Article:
Collecting Vintage Posters

June 01, 2020

Collecting Vintage Posters

 

Are you looking to collect original posters, but don’t know where to start? Follow along with us in this week’s blog to discover more about rare poster collecting. We can help you build the perfect collection!


Vintage posters are collected for many reasons; they are both beautiful to look at, and a fairly accessible collection item, for example. Posters can come in all kinds of designs, messaging, and sizes. Finding your perfect collection focus can be an easy way to get started in building your collection.


Designing your collection

As we’ve touched upon before, it is crucial to collect items that you enjoy to look at and display. For posters, these may be original war bond designs, travel merchandise, or a mix of obscure and informational posters. 


Many of our collectors enjoy hunting down war bond posters from a specific era. WWI posters can be a great starting point, and come in many different designs. You may also choose to focus more on posters that highlight places around the world, like authentic airline or railroad travel posters. While these types of posters seem quite different from one another, you may also find similarities between the two, and choose to collect a wide variety that fit the styling of your home or office where you wish to display them.


Here are a few examples of posters that could match well together in varying collections:


Get in on the ground level

In terms of rare art collections, posters tend to be less expensive to collect than other forms of media. Posters can range in price, though pieces that were more frequently published, with many copies available today, can be more accessible in terms of price. Usually smaller posters, from artists that were not as well known, tend to be less expensive. 

 

 

Understanding rarity is key. Since posters were printed as lithographs on very thin paper, they were not normally intended to last very long. Just as informational flyers are used today, these posters were often torn down after they served their purpose. Even though these advertisements were not necessarily seen as "art" as we consider them today, many of them were designed by famous artists of the time. The poster companies enlisted the expertise of famous artists such as Norman Rockwell, Howard Chandler Christy, and others, in order to draw attention to their cause. Pieces that remain today are now seen as art for the dynamic and alluring designs, which have lasted past their intended lifespan as cheaply printed ads.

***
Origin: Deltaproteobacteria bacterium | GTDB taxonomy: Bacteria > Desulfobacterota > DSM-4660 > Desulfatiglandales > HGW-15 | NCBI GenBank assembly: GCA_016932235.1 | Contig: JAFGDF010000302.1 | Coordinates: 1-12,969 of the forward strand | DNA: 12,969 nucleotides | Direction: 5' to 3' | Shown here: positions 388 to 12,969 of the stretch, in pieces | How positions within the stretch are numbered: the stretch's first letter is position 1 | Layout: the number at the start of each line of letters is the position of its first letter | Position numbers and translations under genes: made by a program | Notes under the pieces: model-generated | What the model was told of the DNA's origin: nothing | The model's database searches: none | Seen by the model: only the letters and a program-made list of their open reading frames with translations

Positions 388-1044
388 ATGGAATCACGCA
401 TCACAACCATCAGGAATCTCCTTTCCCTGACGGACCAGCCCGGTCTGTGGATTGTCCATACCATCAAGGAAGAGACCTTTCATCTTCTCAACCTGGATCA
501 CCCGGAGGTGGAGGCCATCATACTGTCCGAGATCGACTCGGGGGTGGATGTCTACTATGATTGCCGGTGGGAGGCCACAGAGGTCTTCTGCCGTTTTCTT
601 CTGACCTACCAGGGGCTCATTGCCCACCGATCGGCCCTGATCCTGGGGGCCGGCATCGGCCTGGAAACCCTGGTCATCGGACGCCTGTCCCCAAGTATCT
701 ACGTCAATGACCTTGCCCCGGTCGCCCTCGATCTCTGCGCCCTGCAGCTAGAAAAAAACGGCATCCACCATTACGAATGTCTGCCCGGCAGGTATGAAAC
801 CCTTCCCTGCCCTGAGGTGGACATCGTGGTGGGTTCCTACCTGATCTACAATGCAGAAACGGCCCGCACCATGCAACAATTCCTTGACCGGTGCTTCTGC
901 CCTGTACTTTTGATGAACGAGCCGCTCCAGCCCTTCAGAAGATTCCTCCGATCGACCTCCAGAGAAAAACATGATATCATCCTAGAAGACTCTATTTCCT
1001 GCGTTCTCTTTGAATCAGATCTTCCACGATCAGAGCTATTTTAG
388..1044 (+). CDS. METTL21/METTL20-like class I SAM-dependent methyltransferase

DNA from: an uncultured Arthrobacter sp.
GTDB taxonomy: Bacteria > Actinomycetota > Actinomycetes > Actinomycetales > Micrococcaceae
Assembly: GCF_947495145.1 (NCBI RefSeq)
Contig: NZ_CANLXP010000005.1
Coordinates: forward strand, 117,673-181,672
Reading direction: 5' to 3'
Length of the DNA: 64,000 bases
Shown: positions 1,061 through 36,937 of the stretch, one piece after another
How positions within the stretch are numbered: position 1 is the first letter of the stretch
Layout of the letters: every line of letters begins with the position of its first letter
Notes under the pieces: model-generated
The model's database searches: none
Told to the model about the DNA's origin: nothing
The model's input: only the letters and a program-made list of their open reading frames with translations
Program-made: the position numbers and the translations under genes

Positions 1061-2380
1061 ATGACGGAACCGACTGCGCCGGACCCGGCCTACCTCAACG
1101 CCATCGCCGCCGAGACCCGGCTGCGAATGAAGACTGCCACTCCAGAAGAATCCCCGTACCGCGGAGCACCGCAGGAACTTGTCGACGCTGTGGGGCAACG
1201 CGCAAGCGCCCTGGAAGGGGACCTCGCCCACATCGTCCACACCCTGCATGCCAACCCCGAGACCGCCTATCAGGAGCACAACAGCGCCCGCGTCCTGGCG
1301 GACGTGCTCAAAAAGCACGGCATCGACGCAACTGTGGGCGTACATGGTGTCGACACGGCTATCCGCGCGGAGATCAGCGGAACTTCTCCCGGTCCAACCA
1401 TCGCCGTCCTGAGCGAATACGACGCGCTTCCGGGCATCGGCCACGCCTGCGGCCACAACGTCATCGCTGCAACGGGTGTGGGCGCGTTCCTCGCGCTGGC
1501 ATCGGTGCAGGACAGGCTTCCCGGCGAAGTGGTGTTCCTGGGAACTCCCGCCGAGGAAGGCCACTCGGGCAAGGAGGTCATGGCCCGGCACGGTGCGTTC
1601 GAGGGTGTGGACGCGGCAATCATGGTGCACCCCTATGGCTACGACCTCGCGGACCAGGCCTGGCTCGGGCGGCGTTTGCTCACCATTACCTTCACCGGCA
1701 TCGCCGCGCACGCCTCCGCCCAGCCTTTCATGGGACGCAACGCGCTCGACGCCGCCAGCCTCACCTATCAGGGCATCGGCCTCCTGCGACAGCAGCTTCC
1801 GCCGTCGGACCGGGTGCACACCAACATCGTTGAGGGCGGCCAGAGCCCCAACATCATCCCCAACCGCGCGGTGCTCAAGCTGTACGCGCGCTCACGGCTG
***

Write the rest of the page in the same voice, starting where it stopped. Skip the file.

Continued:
Posters that were printed in smaller batches, or were very large and could have been easily ripped, can be more rare and expensive. When starting out with a collection, do some research in the poster artist, the time period in which it was made, and any information that you can find about where/how it would have been displayed. Understanding this information will allow you to comprehend the rarity, and thus understand a just asking price. 


If you are interested in collecting original posters, many of the famous ones were printed in larger quantities, or in multiple periods in time. The famous “Uncle Sam, I Want You” poster was first issued in WWI by James Montgomery Flagg, though it was also republished during WWII to serve the same purpose. For a new collector, it may be worth it to start off with the more recent publishing, which will be much cheaper than the first, original edition. (We’ve sold both editions, and the WWI poster, framed, sold for over $14k, while the WWII poster, framed, went for just about $5k.)


How you can invest

Vintage posters can be significant investments. To ensure that your investment pays off down the line, it is crucial to consider a poster’s condition before purchasing.

Condition is a very important part of poster collecting. Due to the very brittle nature of the paper that was used to publish these posters, even slight damage can hinder the overall look and feel of the poster’s design. You’ll want to buy pieces that have very little, if any, damage.


While it is a good idea to look for pieces with no damage at all, it is not always so simple. Posters were very frequently folded up after they were printed, so that they could be handed off to be hung up all over the country. This is why most of the posters that you’ll find will have fold lines, which can impact the overall look of the poster if they were improperly stored. While collectors should expect a few fold lines on their vintage posters, keep an eye out for ones that have noticeable tears or discoloration along the fold lines. Pieces with minimal wear, or wear that does not impact the design of the piece, will garner a greater return on investment.


To ensure that your new acquisition will provide a decent return on investment, we recommend buying framed posters that have been framed according to conservation standards. This means that the poster will remain in the same condition as you found it, even in the face of sunlight or years of age. Conservation framing, which really only came about in the ‘80s, is the technique of utilizing conservation materials such as UV protective glass, linen backing, and acid free matting to preserve a piece. We frame almost all of our posters, always to conservation standards. For the few pieces that we do not frame, we can work with you to frame, according to your aesthetic preferences.

Let us help you find the posters of your dreams! No matter what you're looking for, we're here to help you discover all that the rare poster world has to offer. Contact us today for a consultation.

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